World water day

An interview with Professor Francesco Regoli

On the 22nd March each year we celebrate water, the element synonymous with life. World Water Day ( was established by the United Nations in 1992. At the centre of countless debates to safeguard it, water is a resource that the textile industry seeks to protect with best practices such as SAVEtheWATER®, a Canepa’s patent. Born in CanepaEvolution research labs, this technology generates considerable savings in water, energy and CO2 as well as entirely eliminates toxic substances.
We’ve asked the opinion of an expert on water protection, Professor Francesco Regoli, Vice Director of the Department of Life and Environmental Sciences at the Polytechnic University of Marche and leading researcher in marine pollution and ecotoxicology. The main problem? Beside traditional pollutants, there is an emergent threat caused by the huge accumulation of plastics and microplastics in the oceans.

Professor Regoli, which is the amount of microplastics actually present in our seas?
The production of plastic has grown exponentially over the past 60 years, reaching some 300 million tonnes a year, with an average of at least 12 tonnes being released into the oceans annually. Visible plastics are just the tip of the iceberg since over 90% of the total particles are represented by “invisible” microplastics, smaller than 5 millimetres. Though media attention was attracted by oceanic accumulation gyres and so-called “plastic islands”, also the Mediterranean Sea appears seriously challenged. Recent studies highlighted that the amount of microplastics typically ranges from 250,000 to 1,700,000 particles per km2, with peaks of 9 million per km2 in some areas. Microplastics are ubiquitously distributed in the marine environment, being found from the sea surface level to abyssal sediments, along coastlines and beaches.

Why do we need to protect the sea and oceans from microplastics? Which is their impact on the environment and, consequently, on everyday life?
Life and marine ecosystems are certainly not immune to the effects of microplastics. These synthetic polymers can be ingested by organisms at the lowest trophic levels and transferred through food webs up to Mediterranean top predators. It is worthy to note that over 30% of commercial fish contain microplastics, with a frequency rising up to 100% in some species. Microplastics are not biologically inert, and once ingested by the organisms, they provoke a wide range of alterations at the molecular, immune and cellular levels.

Why is it important to involve textile companies in protecting the marine environment?
Textile fibres are particularly abundant in marine ecosystems. Polymers like polyvinyl alcohol (PVA), acrylic, polyamides and polyesters often represent the majority of microplastics found on beaches, water bodies and organisms. Considering that the global population will double over the next 40 years, it is clear that we need more effective strategies to reduce fibres and polymers of textile production being released into the environment. From this perspective, the involvement of textile companies will be fundamental to adopt new technologies limiting the use of these microplastics and replacing them with more eco-sustainable compounds.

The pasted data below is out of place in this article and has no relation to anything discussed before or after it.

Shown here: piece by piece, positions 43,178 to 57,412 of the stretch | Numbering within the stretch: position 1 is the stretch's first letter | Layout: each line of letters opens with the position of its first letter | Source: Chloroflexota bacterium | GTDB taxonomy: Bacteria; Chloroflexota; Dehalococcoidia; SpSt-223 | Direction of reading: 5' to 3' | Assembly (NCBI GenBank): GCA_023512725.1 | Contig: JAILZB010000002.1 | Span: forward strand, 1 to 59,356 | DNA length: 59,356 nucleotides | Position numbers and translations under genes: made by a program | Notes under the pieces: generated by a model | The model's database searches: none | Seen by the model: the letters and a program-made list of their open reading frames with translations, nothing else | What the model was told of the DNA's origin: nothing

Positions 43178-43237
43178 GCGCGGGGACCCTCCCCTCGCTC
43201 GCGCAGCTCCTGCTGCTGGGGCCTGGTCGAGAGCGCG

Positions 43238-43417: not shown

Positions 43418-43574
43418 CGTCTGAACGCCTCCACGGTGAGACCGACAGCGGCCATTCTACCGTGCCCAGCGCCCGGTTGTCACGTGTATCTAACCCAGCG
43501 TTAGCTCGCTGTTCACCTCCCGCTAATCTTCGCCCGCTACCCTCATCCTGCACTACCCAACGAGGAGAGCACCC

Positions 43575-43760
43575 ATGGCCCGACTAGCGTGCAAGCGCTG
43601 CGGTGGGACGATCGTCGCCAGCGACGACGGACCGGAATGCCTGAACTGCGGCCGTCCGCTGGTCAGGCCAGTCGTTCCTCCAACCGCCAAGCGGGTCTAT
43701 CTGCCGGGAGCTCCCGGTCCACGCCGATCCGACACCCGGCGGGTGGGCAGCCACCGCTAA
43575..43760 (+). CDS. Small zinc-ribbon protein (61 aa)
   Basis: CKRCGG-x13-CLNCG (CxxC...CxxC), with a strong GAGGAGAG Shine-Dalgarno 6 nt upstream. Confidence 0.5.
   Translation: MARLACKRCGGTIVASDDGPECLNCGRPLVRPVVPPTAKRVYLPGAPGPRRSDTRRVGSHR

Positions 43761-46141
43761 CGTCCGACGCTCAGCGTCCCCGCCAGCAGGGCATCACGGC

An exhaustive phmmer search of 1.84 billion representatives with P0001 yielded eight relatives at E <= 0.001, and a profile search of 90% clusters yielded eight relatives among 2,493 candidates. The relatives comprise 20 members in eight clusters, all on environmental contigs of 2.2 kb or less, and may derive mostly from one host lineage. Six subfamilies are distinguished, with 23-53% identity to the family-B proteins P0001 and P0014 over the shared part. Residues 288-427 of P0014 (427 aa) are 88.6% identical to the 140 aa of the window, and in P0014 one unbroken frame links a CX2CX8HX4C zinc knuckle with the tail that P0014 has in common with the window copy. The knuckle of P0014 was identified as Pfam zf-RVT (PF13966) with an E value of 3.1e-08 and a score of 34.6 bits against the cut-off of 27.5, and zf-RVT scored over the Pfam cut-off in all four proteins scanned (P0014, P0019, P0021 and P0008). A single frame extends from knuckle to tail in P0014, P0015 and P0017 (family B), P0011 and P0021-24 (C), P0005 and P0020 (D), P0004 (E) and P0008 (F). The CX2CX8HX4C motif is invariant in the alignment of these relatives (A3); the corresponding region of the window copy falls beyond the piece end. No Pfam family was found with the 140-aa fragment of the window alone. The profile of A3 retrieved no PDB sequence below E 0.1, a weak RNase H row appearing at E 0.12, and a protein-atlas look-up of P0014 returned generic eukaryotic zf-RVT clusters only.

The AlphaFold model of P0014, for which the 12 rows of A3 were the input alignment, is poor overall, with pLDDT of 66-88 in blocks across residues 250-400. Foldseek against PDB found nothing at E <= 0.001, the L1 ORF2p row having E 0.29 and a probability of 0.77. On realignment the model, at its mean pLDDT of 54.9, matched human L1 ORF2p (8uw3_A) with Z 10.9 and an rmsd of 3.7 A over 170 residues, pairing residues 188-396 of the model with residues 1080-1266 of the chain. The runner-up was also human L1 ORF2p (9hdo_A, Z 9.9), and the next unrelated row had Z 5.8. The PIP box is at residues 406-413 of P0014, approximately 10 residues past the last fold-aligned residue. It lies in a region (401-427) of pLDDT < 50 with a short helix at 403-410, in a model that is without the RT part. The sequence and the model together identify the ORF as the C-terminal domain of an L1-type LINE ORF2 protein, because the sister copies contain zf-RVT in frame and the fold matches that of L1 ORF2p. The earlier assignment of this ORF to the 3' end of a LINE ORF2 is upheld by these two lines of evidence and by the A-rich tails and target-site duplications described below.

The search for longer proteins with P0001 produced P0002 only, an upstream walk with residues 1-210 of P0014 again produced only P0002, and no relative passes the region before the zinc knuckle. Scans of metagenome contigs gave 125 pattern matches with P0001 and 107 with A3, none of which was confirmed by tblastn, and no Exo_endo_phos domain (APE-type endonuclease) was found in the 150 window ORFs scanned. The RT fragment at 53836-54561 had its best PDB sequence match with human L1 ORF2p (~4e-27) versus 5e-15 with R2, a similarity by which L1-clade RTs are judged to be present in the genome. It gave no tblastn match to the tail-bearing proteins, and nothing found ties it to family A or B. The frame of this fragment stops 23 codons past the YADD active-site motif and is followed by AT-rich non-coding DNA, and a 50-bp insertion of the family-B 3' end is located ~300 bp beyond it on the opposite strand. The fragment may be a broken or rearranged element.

Might the use of chitosan have benefits? What are they?
Replacing PVA with chitosan is certainly an excellent starting point. Chitosan is a natural polysaccharide derived from chitin, with numerous characteristics, including bactericidal and antimicrobial effectiveness, biocompatibility and various therapeutic properties. Chitosan is also used in some purification processes due to its capability to immobilise toxic substances such as heavy metals and oils contained in wastewaters and sewage. In this sense, the use of chitosan in textile production could significantly reduce the consumption and release of dangerous and persistent substances like PVA, have potential beneficial effects on purification of wastewater and, last but not least, raise public awareness on the importance of environmental microplastics.

What do you think is necessary in the immediate future?
More research is obviously needed to further characterize the presence of microplastics, textile polymers and their derivatives in the marine environment, their capability to absorb pollutants, transfer along the trophic web and onset of adverse effects in marine organisms. It is currently impossible to hypothesize the removal from oceans of the already released plastics, and it is therefore fundamental to reduce consumption and future inputs into the sea as soon as possible.

Francesco Regoli is one of the leading experts in the world on the risks of environmental pollutants and toxicological effects on marine organisms. His research has been used to monitor the impact of petrochemical sites and industries, off-shore platforms, oil spills and shipwrecks, as well as to monitor remote environments such as polar areas, and the risk of new emerging pollutants like pharmaceutical drugs and microplastics. On this topic, he collaborates with 16 international partners in an important European project, to study the ecotoxicological effects of microplastics (Ephemare).


Published on 22 March 2016

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